Is there a grand unified theory behind Portlandia’s comedy?
What’s most impressive about “Portlandia” in its fourth season is that the off-kilter sketch show has a fairly narrow focus and doesn’t show any signs of wearing thin in its fourth season. Instead, the show has developed a very unique voice. Answering the question “What exactly is that voice and how does it make the show funny?” is the million dollar question.
The show can sometimes be striking in the way its sketches don’t always seem like they’re aiming for a punchline or even being comic. Take a couple sketches of the recent episode “Bahama Knights”: One sketch involves a group of women talking about how much they rock while their significant others start embellishing their praises of each other in more flowery language. The opening sketch of the episode involves a couple getting listless at a rock concert and feeling increasingly out of place. Each sketch has a punchline — In the former, the central couple don’t know any of the guests; in the latter, the couple wants to go to a concert again — but neither of them has anything joke-like in any conventional sense before the punch line. In a way, these sketches play like found art of amusing people. While a lot of the sketches are more overtly joke-like, these two sketches are a testament to the comedic style of the show: “Portlandia” is indisputably comic but the sketches don’t necessarily feel a need to start out (or even end up) in a comedic place. Often, the musical score will veer to a darker place to add ambiguity to whether what you’re watching is a comedic place or not.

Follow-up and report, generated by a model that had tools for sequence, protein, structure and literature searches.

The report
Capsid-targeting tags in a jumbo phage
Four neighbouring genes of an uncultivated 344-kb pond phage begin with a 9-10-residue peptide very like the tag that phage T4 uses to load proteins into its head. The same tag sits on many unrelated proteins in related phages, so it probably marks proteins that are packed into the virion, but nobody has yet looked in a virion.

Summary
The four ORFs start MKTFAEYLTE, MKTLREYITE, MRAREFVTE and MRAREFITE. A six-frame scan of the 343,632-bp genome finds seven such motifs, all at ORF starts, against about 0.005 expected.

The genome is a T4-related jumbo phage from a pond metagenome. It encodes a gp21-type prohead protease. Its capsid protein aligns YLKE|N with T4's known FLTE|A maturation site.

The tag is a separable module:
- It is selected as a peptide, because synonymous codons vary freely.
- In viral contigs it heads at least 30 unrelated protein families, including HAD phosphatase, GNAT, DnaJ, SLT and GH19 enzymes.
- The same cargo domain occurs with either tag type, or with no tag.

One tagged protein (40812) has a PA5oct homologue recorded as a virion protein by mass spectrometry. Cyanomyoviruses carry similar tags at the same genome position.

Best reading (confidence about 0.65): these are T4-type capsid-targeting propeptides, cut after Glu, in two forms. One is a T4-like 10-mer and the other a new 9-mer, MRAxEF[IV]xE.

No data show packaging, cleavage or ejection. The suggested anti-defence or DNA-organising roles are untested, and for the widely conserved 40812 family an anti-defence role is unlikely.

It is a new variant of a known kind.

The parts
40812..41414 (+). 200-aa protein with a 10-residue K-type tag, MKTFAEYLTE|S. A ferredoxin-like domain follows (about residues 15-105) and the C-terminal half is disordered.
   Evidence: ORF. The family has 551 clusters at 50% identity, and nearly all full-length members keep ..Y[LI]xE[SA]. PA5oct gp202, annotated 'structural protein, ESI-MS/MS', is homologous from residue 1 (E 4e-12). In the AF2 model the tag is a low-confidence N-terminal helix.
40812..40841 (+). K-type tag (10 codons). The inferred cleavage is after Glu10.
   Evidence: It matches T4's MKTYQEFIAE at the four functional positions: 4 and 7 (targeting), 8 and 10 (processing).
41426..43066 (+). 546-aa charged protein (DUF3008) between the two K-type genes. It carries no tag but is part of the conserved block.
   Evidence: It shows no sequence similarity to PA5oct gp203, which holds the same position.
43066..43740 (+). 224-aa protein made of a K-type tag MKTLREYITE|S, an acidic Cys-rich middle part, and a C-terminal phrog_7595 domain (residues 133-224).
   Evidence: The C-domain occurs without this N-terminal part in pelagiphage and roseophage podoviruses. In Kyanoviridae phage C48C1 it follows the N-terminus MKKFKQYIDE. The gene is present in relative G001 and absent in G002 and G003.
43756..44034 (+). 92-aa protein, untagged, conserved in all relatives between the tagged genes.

If there’s something that can be called a grand unified theory as to the nature of Portlandia’s comedy, perhaps it is characters that are detrimentally self-conscious about being hip. That is, after all, the reputation of the city itself despite the misleading theme about how it’s a nostalgia factory for the 1990s.
This makes sense as Fred Armisen and Carrie Brownstein both started out as musicians in a fringe music and likely lived in a world with constant pressure to be seen as cool. In interviews about his rock star days, Armisen often describes the period in his life in which he was a drummer for Trenchmouth as a failure, and it was his frustration with the punk rock scene that directly led to his start in comedy